November 8, 2022

From Gerald R. Lucas

Proposal for a Ransom Center Fellowship

Project Title: Norman Mailer’s Short Fiction

This project will examine Norman Mailer’s short fiction, mostly from the 40s and 50s, as a proving ground for his mature voice. I argue that Mailer uses short fiction as a playground to experiment with narrative voice and style, to play with theories that he develops in his journal and essays, and to find a voice that reflects concerns present in his later writing, like a desire for individual growth, the authenticity of the senses above that of reason, the importance of courage and risk as the foundation of action, an antipathy for totalizing ideas and behaviors, and the writer as a reflection of an imperfect god in constant struggle with the forces that seek to undermine him. Each of Mailer’s stories is a battleground of sorts, where a crucial moment in a character’s life will lead to freedom or compromise, success or failure—what Mailer would later call the “existential moment,” or a crucial situation where a protagonist’s choice will determine the course of his life and growth. Mailer’s stories are defined by existential moments in the narrative (perhaps in a similar way that the epiphany is a chief characteristic of Joyce’s short fiction), but they also reflect Mailer’s own struggle as a writer to free himself from the success of his first novel The Naked and the Dead (1948) in order to continue to grow as an artist and human being.

In general, there are three phases of short fiction for Mailer, written in about three decades, between circa 1933 and 1965. The first phase contains his (pre-)college stories that illustrate coming-of-age themes, the second are stories reminiscent of Naked and center around World War II, and the third are stories of the psychic dangers present in domesticity and city life—and only through willful acts of rebellion could one remain true to oneself. His latter stories reflect Mailer’s own desire to become, as he puts it in Advertisements for Myself, a “psychic outlaw” who by fostering a connection with the primitive could resist the oppressive social forces that sought to produce over-analyzed and neutered men wrapped in plastic and controlled by technology.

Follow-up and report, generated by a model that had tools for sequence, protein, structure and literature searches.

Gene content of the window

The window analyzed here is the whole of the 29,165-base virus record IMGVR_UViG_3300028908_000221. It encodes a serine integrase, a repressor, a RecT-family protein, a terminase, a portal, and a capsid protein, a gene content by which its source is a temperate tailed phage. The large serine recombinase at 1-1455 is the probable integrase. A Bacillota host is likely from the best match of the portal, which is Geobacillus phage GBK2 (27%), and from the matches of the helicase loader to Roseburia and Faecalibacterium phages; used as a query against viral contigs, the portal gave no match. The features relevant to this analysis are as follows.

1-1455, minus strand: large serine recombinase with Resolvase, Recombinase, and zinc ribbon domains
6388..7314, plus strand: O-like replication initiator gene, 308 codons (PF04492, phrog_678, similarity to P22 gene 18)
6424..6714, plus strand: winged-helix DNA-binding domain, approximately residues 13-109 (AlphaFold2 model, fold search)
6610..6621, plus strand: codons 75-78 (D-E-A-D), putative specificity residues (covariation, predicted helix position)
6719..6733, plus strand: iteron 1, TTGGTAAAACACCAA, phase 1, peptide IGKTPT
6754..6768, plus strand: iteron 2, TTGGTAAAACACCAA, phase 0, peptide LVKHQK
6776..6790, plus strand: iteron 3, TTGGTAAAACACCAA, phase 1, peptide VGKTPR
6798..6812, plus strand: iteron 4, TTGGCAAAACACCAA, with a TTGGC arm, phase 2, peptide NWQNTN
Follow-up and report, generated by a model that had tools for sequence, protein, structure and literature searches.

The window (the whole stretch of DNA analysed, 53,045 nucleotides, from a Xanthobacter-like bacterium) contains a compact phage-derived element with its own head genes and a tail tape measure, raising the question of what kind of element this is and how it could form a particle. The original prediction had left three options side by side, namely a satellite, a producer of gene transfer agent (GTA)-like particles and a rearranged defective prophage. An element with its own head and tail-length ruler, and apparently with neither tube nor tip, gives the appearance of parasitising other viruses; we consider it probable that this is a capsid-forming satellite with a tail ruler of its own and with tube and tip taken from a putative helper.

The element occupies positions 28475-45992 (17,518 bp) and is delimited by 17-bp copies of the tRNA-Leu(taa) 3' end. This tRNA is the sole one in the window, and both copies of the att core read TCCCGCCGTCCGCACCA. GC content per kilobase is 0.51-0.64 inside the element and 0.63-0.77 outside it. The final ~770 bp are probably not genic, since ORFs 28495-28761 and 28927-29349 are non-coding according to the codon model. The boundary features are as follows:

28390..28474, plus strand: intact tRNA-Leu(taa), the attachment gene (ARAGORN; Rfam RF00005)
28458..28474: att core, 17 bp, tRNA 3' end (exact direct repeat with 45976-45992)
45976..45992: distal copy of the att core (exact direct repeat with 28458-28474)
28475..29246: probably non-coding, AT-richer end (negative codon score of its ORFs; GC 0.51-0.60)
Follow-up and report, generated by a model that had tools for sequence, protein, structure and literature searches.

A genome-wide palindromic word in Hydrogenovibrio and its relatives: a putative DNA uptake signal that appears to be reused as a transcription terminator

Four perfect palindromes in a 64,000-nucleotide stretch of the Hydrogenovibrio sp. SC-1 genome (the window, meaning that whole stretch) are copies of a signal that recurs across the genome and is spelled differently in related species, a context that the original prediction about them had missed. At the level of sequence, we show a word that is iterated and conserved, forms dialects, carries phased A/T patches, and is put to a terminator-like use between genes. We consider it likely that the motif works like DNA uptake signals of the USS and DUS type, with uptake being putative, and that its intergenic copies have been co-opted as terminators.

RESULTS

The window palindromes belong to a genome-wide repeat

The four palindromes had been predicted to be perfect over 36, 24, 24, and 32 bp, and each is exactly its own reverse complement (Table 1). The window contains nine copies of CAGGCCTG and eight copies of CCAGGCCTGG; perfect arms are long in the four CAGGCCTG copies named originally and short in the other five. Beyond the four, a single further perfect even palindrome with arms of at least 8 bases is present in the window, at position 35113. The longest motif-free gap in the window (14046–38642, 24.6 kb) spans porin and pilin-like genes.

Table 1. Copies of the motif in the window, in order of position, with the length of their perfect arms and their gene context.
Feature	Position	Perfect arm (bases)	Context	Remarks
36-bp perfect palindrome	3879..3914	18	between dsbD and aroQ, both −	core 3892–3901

I plan to write a monograph that situates Mailer’s short fiction historically with his development as a writer. It will argue that Mailer’s short fiction provides a crucial foundation to understand Mailer’s more mature work, beginning with “The White Negro” (1957) and Advertisements for Myself (1959). An examination of Mailer’s short fiction shows his development as a writer and solidifies his existential approach to life as any artist-rebel. To this date, there has been no book-length study on this important short work of Mailer’s.

Ransom Center Collection

Crucial to this research are the primary documents contained at the Harry Ransom Center, namely the manuscripts of the short stories, those that have been published and those that have not. I am not so much interested in the process of composition, though much of this will be interesting, but in the context of the short fiction and how it reflects the author’s own tribulations, like notes, journals, interviews, drafts, note cards, and fragments. This meta content might shed light on the importance of short fiction for Mailer, despite his famous dismissal of it in the introduction to The Short Fiction of Norman Mailer (1967). I’d like to produce an authoritative account of just how many short stories Mailer wrote to be able to situate them thematically and historically within Mailer’s growth as a writer.

In addition to the published and unpublished manuscripts of the short stories (and , items of specific interest include: Post-war stories, writing journal, typed drafts, and note cards, 1946-1949; "The Greatest Thing in the World" (1941), typed short story used for film proposals, circa 1949-1950; “The Defense of the Compass," typed drafts and galley proofs, circa 1951; Short stories/writing: The Blood of the Blunt; The Bouquet of Victory; Bugger; Dr. Bulganoff and the Solitary Teste; Duet; Good to See You; Love-Buds; Mellie, Mellie, I Caught You; The One Night Stand; La Petite Bourgeoise; The Thalian Adventure; unidentified fragments, circa 1951; Journal, typed, 1952; Autobiographical sketch, typed draft and correspondence, 1952; Notebook on bullfighting, 1954 (perhaps some background on “The Time of Her Time”); Note cards and notebooks, circa 1956; The Necrophiliacs, typed draft fragment, circa 1956; Unrealized epic novel; Bellevue stay, handwritten and typed notes, circa 1960 Research files; “Sex and Censorship in Literature and the Arts," typed drafts, 1961; Untitled postscript to "The Time of Her Time," handwritten and typed drafts, 1961; “Mailer Slashes at U.S. Apathy,” newspaper article 1961; The Writer Speaks, typed interview transcript and correspondence, 1962; “Norman Mailer The Art of Fiction XXXII,” typed draft, 1963; Speeches on existentialism, clipping, flyers, and audience questions, circa 1963; and drafts and notes about The Short Fiction of Norman Mailer (1967).

Also of interest is Mailer’s correspondence that specifically addresses the short fiction—the majority of which does not seem to have been published. Also of interest are letters about his early-1950s struggles to publish The Deer Park, since this is the time of much of his short fiction writing in the 1950s. Again, the letters might offer additional insight into Mailer’s relationship with short fiction in general and his own story output.